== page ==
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Microsoft and Gay Rights: Linux, Anyone?

I waited two days in case I was misreading the situation. Hey, just because it’s on the front page of the New York Times doesn’t make it true, unless you still believe there are WMD hiding in a big ol’ cave somewhere in Iraq.

But it’s true, as Scoble’s memo shows. Microsoft, which has not been shy about underwriting candidates that support its views, failed to support a state bill that would have barred discrimination on the basis of sexual orientation. The bill lost by one vote.

I am offended by the spin in Microsoft’s memo. Ballmer talks about “the decision to take a neutral stance on this bill.” But there is no neutrality in government. The vote is either yes or no, up or down. As Elie Wiesel said, “Take sides. Neutrality helps the oppressor, never the victim. Silence encourages the tormentor, never the tormented.”

Some of the discussion has focused on whether Microsoft never supported the bill, or was pressured by threat of a software boycott from the kind of hate-filled religious leader who gives Christianity a bad name. This, though interesting, is almost beside the point. What matters more is that Microsoft, with its huge profit margins and its near-monopoly on a huge marketplace, had an opportunity to show what it believes. And apparently, what Microsoft believes is that nothing, not justice, not concern for their own employees, not knowing the difference between right and wrong, is as important as jeopardizing one sale of its product.

Steve Ballmer’s memo ponders, “What message does the company taking a position send to its employees who have strongly-held beliefs on the opposite side of the issue?” Exactly. What do your gay employees think of you now, after you failed to step up to the plate? I know what I think: your overweening greed has blinded you to the need to do the right thing on behalf of people who make your company a success. Microsoft, your gay and lesbian employees are not “issues.” They are people you should have the balls to stand behind, regardless of who rattles your cage.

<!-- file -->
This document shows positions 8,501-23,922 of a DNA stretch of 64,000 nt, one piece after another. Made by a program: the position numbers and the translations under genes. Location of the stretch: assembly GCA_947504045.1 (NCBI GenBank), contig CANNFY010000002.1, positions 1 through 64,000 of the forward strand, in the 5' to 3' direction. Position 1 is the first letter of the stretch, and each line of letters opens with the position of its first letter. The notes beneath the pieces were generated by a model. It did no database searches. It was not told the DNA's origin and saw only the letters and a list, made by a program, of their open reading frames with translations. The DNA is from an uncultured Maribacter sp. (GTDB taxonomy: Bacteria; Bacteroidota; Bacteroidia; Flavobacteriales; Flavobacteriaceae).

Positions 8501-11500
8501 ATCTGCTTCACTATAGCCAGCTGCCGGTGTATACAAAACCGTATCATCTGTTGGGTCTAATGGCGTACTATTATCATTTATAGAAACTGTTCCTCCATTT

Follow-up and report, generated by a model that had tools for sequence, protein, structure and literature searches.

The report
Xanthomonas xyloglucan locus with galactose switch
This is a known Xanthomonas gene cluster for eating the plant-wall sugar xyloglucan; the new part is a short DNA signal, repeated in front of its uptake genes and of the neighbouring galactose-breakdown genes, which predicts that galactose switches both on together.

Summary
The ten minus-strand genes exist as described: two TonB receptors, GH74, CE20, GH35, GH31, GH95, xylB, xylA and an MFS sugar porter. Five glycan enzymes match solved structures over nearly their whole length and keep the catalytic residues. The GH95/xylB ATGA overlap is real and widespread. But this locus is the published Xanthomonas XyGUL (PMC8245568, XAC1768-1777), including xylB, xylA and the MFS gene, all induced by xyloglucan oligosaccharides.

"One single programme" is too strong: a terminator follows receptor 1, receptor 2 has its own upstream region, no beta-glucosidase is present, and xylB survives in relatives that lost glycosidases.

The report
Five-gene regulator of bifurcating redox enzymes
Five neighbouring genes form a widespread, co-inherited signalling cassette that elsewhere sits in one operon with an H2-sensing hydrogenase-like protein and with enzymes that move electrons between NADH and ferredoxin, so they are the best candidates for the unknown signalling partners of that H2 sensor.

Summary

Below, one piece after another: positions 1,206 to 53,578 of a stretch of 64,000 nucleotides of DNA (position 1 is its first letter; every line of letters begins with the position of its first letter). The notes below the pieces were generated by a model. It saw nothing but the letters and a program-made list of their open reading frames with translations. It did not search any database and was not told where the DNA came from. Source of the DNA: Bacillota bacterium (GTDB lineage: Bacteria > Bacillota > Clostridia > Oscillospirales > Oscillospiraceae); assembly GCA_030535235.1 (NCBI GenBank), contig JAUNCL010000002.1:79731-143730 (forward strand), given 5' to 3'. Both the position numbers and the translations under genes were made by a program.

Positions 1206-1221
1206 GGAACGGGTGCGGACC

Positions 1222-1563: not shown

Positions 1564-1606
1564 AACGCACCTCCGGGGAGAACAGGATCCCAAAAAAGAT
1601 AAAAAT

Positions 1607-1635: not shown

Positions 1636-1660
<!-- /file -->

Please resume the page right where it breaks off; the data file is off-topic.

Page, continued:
Apple, are you ready to roll out that full-page ad underscoring the good stuff you’ve done on behalf of human rights? Hey, Red Hat, time to put out a statement about your commitment to people of all persuasions, as long as they’re for open source!

(Frank Rich, tell me, tell me you’re going to tackle this topic at least in passing. And might I compliment you on moving to the editorial pages, where you don’t have to pretend that you’re writing about the arts. Your writing is already art enough.)

Bill Gates is an honorary ALA member, too, for all he’s done for libraries. (Don’t get too upset; so is Andrew Carnegie. ALA has a long tradition of giving awards to robber barons–as long as they give money to libraries.)

But here’s a bright side to all this. The ALA Committee on Legislation recently set a great precedent by issuing Laura Bush a “citation” for her outstanding work on behalf of libraries–you know, like championing Section 215 of the Patriot Act. Clearly the mold is set. There’s no reason that some group in ALA–say, the Gay, Lesbian, Bisexual, and Transgendered Roundtable–couldn’t issue a special citation to Bill Gates. He could be commended for the sheer ballsy and unnecessary opportunism of turning his back on not only his own employees but every one of us out here using his software.

That probably won’t happen (ALA units, by definition, are conservative), but I hope the biblioblogosphere gives this as good a talking-up as the blogosphere at large is doing. AmericaBlog already has a parody of Microsoft’s latest commercials.

As for me, maybe it’s time for an apple and a penguin.

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